Something along the lines of praising a band called theaudience. All one word, lower case obligatory. “Ah, you mean like a guilty pleasure?” And no, I very much don’t mean that. More of a grubby little secret, perhaps. A frank admission as the drink flows, sentences flapping and squawking about our ears as this band and that LP are discussed, verbally dissected, weighed like entrants in some provincial slimming competition, or the annual prize giving of the Kentish Town Vegetable Grower’s Society.
And then it slips out. That of this silly, irrelevant little band: “I fell for them in such a big way.” And then you snigger, for you are at the vanguard of the cooler-than-thou (every music obsessive has something of that to them… don’t try to kid otherwise… I’m as complicit as you are).
One album, four singles, a headline tour and a series of support slots before imploding away in the corner. And despite this meagre output there’s so much that flags theaudience as well worthy of the cringe. Apocryphal or no, they allegedly came about as a result of a wager: then Melody Maker agent provocateur Everett True betting 100 of the Queen’s Pounds that Fire Records press boy Billy Reeves couldn’t form a band and get signed to a major. And whatever the truth behind that story (words of advice: never trust a musician; never, ever trust a music journalist, and never, ever, ever trust Everett True), Reeves did indeed assemble a solid session musician backdrop against which a distinctive female singer – a sophisticatedly-dressed, pouting teenager called Sophie Ellis-Bextor, for argument’s sake – could be elevated to bedroom wall material for a hoard of young indie boys to sigh towards; alluring femmes being quite a hit with both indie boys and their pocket money, apparently. Enter Mercury Records, and Reeves had won his bet.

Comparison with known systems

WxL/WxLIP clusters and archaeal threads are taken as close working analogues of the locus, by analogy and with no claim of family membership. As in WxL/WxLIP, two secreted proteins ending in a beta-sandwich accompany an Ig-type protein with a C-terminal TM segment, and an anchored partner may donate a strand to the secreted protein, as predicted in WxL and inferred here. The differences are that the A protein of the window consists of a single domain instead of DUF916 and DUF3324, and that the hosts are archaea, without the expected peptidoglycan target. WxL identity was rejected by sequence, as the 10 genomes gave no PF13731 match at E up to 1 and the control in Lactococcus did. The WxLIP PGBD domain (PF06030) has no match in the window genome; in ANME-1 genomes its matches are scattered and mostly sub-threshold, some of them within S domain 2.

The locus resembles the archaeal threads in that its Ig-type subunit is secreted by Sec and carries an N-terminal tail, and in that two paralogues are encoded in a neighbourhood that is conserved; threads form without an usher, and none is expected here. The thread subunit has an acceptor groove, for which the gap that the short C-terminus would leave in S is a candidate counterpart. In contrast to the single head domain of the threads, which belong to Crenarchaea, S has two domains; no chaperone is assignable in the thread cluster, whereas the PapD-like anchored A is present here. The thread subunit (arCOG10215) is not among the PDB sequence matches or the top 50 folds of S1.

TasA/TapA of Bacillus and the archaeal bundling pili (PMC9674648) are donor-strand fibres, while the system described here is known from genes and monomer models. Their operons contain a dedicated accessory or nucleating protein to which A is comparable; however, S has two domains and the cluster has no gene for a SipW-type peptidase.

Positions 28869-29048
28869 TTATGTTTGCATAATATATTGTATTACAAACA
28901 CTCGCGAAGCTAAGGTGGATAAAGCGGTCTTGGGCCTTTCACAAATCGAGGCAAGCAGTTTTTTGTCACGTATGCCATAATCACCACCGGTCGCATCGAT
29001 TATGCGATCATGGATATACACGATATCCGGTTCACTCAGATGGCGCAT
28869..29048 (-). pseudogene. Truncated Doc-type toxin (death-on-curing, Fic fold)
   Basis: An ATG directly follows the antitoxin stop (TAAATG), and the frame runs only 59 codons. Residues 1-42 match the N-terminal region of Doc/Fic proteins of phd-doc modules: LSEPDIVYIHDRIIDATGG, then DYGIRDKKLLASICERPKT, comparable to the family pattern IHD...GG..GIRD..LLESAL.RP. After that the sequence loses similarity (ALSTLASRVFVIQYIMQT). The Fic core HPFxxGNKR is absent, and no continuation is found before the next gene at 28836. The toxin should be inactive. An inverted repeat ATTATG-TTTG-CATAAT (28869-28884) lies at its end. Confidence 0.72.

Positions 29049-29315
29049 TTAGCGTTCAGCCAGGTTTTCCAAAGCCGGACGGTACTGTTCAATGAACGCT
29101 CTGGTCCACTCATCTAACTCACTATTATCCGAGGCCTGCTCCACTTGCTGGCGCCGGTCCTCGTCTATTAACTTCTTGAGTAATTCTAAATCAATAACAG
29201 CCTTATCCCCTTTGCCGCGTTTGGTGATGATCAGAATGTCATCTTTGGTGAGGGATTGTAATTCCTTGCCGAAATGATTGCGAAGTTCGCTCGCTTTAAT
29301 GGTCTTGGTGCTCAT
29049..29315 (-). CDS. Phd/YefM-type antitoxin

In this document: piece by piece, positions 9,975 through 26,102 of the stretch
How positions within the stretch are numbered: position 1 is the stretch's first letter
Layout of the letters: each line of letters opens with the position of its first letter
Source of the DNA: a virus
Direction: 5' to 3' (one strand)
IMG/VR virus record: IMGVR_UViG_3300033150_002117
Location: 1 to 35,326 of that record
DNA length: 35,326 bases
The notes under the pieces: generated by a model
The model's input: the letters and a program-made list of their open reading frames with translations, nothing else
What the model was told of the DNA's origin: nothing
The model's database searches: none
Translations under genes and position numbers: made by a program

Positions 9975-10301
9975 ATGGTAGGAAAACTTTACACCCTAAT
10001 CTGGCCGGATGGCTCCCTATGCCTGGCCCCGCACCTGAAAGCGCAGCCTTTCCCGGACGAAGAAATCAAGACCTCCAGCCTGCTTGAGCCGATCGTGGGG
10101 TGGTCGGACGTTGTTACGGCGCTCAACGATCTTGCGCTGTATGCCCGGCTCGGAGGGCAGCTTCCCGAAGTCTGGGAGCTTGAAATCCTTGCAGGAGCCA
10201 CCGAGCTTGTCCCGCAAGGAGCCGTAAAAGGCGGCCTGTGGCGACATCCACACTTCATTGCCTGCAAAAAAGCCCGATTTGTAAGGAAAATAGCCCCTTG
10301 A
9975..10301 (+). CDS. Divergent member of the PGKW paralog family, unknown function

Beyond any inauspicious origin, the band’s sound, too, was problematic. Not commercial, exactly – Reeves was a Northern Soul fanatic not too interested in plastering his songs entirely over the airwaves – but still formulaic, melodic indie-by-numbers, as if a specific niche had been identified to profit from. It was all a little too forced and contrived to fool people for any amount of time, what with the over-stylized press shots and single covers, the over-produced début album, the detectable air of knowing to everything they ever did. After making ripples in the music press and the lower reaches of the chart in later 1997 and early 1998, they disbanded amid the embers of a disappointing (and unreleased) second album and vague allusions to solo careers…
And me? I bloody love them. Always have, despite every word I’ve written above. It’s in the overall effect, a sum greater than its parts. A deliciousness of lyric, sassy inflections that when performed in Ellis-Bextor’s refined lilt emphasise a playful raising of an eyebrow. It’s how the composition isn’t as formulaic as it first appears, embedded traces of early Roxy Music, early Pretenders, something suggestive of the blokes in the background possessing a significant musical schooling. And above all…well, judge for yourself (and let the tittering at Lazer Guided Melody’s gone-wrong music taste begin in the comments)…
Example 1: theaudience / You Get What You Deserve